My child had decided to take a carton of juice with her to drink on the way to the bus stop. She finished it while walking through the local park. I reminded her not to throw the empty at her feet but to hold on to it until we found a bin. It seemed a futile gesture, the place was already covered with cartons, crisp packets, chocolate wrappers and plastic bottles, most of it trapped in railings running parallel to the path we walked on. One more throwaway was hardly going to make a difference. Still. A food sociologist might be intrigued to know that the junk food eating habits of a working class community can be gleaned courtesy of a mere short walk along a park pathway.

Once on the Springfield Road we found a bin attached to a bus stop and I placed the used carton in it. It fell to the ground. My daughter laughed and commented that there was no bottom in the bin. Presumably it had been vandalised. Whatever the reason for its uselessness it is now only there for the optics. Exasperated I didn't even bother to pick the carton back up from the ground, adding slightly to the voluminous quantity of litter already mounting up.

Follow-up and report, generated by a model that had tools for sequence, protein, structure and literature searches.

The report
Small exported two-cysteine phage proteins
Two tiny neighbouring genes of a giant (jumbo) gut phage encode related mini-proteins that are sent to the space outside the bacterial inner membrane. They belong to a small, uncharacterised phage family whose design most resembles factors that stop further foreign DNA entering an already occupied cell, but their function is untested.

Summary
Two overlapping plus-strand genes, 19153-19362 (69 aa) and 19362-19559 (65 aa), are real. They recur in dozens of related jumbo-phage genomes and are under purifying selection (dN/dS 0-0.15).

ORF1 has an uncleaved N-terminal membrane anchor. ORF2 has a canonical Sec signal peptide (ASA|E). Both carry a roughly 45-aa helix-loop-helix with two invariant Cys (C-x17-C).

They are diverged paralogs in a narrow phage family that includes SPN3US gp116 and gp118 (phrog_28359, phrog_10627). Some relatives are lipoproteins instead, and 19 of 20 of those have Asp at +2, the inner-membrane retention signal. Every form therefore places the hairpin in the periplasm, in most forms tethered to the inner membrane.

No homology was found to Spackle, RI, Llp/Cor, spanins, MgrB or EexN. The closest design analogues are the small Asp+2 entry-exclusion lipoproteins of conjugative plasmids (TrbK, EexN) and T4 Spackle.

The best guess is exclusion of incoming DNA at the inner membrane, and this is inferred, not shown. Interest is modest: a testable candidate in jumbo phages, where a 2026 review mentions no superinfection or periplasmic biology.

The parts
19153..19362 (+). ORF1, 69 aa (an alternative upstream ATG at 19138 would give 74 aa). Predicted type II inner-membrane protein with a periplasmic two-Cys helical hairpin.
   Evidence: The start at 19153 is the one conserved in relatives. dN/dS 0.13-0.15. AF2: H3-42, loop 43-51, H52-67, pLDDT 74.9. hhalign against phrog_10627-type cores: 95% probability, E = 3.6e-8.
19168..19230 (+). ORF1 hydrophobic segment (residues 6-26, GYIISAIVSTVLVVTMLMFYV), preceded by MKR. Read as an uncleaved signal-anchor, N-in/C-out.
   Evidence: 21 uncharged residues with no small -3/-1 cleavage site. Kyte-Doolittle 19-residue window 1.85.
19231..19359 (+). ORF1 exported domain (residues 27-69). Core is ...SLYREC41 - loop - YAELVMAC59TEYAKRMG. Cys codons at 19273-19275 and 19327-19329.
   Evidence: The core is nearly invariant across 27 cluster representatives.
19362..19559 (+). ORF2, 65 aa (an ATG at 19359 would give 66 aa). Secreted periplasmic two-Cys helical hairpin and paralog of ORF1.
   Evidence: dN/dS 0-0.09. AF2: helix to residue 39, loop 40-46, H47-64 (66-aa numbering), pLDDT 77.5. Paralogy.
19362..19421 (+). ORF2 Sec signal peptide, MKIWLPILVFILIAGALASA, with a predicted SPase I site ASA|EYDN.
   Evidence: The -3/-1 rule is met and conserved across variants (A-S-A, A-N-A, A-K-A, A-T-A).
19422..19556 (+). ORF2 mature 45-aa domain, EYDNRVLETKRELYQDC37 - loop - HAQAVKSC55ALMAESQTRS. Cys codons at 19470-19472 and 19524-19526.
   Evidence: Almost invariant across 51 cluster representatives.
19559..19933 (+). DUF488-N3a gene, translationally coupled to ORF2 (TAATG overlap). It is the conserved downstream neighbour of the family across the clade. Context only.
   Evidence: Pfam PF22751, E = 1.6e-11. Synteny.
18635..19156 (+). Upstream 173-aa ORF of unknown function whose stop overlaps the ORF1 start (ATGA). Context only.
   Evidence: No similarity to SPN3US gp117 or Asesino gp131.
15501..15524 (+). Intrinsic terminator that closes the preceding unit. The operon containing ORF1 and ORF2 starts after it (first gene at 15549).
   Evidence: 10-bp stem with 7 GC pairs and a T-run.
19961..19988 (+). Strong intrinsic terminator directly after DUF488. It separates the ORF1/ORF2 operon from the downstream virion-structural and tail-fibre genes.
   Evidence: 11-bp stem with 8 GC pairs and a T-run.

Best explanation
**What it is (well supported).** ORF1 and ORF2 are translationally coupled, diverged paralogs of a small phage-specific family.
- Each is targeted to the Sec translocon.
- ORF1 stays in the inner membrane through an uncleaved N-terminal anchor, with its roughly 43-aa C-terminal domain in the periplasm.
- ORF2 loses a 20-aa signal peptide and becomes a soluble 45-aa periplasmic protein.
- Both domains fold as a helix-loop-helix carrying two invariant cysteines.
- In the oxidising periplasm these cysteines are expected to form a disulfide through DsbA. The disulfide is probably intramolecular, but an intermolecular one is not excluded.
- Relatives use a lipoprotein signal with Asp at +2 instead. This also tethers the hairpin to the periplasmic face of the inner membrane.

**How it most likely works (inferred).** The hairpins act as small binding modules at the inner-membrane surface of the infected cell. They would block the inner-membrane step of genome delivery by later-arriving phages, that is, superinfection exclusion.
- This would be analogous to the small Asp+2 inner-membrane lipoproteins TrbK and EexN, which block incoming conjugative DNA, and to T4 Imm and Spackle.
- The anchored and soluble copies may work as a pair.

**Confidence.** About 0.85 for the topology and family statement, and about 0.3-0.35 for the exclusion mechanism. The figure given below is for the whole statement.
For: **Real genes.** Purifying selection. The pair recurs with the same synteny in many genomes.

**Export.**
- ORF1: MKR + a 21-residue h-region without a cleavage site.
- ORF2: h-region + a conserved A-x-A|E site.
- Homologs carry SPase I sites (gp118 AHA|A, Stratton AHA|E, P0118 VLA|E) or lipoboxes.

A few yards on my daughter pointed out to me that there was a tyre up a tree. I looked up, although by this point I could hardly say in disbelief. Around one of the branches from the many leafless trees that adorn part of the Springfield Road was a bicycle tyre, placed there perhaps by a child who fancied their dexterity as a lasso artist. A further two trees had been used as target practice by the aspiring hula hoops performer. I wondered what visitors think when on their quick tourist taxi trips up the Springfield Road one of their guides tries to pass off the anomaly as a courageous example of West Belfast experimenting with its own imaginative version of the rubber tree.